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faq:how_not_to_interpret_results_from_a_cluster-based_permutation_test [2015/11/02 07:35]
77.165.5.71 [The extent of the cluster depends]
faq:how_not_to_interpret_results_from_a_cluster-based_permutation_test [2017/08/17 11:21] (current)
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 ==== The correct interpretation ==== ==== The correct interpretation ====
-The permutation test as implemented in **[[/​reference/​ft_statistics_montecarlo]]** serves to test  the null hypothesis (H0) that the data in the experimental conditions come from (are drawn from) the same probability distribution. In specialised statistics books, ​on sometimes reads the technical term that the probability distributions are **exchangeable**. Getting a significant result means that we can reject the null hypothesis (H0) that the data come from the same probability distribution in favour of the alternative hypothesis (H1) that the data come from different distributions. Based on a significant test result, you therefore can report that **"​there is a significant difference between condition A and condition B"**.+The permutation test as implemented in **[[/​reference/​ft_statistics_montecarlo]]** serves to test  the null hypothesis (H0) that the data in the experimental conditions come from (are drawn from) the same probability distribution. In specialised statistics books, ​one sometimes reads the technical term that the probability distributions are **exchangeable**. Getting a significant result means that we can reject the null hypothesis (H0) that the data come from the same probability distribution in favour of the alternative hypothesis (H1) that the data come from different distributions. Based on a significant test result, you therefore can report that **"​there is a significant difference between condition A and condition B"**.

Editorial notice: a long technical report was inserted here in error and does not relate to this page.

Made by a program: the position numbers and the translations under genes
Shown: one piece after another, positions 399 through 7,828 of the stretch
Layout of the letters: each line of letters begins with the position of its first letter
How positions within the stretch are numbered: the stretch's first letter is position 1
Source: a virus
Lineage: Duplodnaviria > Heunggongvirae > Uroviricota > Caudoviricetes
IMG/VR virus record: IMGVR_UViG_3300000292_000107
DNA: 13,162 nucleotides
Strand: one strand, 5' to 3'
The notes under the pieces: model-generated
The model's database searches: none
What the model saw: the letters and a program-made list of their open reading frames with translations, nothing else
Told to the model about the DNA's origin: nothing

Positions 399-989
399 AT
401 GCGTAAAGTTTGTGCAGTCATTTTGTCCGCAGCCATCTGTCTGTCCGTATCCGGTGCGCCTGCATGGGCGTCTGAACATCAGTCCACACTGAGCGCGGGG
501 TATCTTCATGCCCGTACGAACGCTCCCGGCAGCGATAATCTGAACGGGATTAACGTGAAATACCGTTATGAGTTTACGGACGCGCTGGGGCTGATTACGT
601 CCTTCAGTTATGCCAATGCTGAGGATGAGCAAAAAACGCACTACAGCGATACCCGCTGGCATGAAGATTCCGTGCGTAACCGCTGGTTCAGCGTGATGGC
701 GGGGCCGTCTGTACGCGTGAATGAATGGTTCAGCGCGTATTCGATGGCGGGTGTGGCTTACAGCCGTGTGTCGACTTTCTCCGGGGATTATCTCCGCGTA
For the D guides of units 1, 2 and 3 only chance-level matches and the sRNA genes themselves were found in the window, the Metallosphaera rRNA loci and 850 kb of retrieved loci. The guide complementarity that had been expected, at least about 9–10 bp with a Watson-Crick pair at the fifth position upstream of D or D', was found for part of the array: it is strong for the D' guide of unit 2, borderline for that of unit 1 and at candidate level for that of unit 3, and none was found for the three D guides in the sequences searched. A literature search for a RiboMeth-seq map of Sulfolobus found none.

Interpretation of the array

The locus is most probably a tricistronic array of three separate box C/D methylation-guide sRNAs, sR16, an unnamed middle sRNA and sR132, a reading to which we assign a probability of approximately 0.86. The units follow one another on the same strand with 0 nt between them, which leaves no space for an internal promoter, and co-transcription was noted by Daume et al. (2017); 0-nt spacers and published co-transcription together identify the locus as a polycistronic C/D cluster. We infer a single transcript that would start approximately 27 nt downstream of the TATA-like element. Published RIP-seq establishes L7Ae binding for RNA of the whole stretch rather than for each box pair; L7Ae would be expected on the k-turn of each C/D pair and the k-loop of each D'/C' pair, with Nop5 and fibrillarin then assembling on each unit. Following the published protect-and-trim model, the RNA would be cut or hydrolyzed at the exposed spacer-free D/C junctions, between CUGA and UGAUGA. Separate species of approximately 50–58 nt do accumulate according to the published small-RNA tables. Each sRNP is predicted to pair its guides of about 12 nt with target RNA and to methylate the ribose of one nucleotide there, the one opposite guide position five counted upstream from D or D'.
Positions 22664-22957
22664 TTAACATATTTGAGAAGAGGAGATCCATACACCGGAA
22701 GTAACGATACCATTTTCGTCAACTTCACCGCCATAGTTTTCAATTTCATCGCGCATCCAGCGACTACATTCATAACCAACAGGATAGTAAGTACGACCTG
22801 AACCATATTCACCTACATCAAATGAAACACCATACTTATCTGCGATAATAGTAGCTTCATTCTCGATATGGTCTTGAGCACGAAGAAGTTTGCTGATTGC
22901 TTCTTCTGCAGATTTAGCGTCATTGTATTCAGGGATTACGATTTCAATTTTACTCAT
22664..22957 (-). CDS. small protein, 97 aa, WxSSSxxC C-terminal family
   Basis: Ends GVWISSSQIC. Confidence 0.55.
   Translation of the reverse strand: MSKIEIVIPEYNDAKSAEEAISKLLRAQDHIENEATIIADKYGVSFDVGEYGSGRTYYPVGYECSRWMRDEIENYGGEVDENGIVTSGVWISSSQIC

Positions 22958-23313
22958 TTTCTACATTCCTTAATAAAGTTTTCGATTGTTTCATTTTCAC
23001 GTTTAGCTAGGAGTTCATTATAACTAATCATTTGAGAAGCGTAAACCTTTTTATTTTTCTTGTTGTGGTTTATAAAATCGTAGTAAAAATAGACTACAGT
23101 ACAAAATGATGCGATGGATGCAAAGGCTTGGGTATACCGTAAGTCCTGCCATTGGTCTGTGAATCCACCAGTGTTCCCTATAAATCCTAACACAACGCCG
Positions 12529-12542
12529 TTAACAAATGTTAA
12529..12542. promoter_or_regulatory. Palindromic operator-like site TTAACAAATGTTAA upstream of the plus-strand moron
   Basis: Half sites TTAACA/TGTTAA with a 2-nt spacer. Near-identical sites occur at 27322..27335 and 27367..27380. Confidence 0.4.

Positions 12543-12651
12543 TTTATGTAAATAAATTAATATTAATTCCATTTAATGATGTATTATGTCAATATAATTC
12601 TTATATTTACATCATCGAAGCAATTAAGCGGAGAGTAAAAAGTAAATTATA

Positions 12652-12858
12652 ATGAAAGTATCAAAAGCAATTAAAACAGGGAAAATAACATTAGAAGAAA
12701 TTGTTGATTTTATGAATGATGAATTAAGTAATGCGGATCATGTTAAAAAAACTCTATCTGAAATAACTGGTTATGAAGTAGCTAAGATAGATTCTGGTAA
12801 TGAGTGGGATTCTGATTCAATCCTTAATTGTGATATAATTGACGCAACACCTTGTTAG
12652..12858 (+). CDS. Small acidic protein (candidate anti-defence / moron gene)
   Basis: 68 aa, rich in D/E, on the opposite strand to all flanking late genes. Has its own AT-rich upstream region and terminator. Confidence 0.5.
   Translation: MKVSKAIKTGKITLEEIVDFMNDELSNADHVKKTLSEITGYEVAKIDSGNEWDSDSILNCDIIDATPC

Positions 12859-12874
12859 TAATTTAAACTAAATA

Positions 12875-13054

<note warning > <note warning >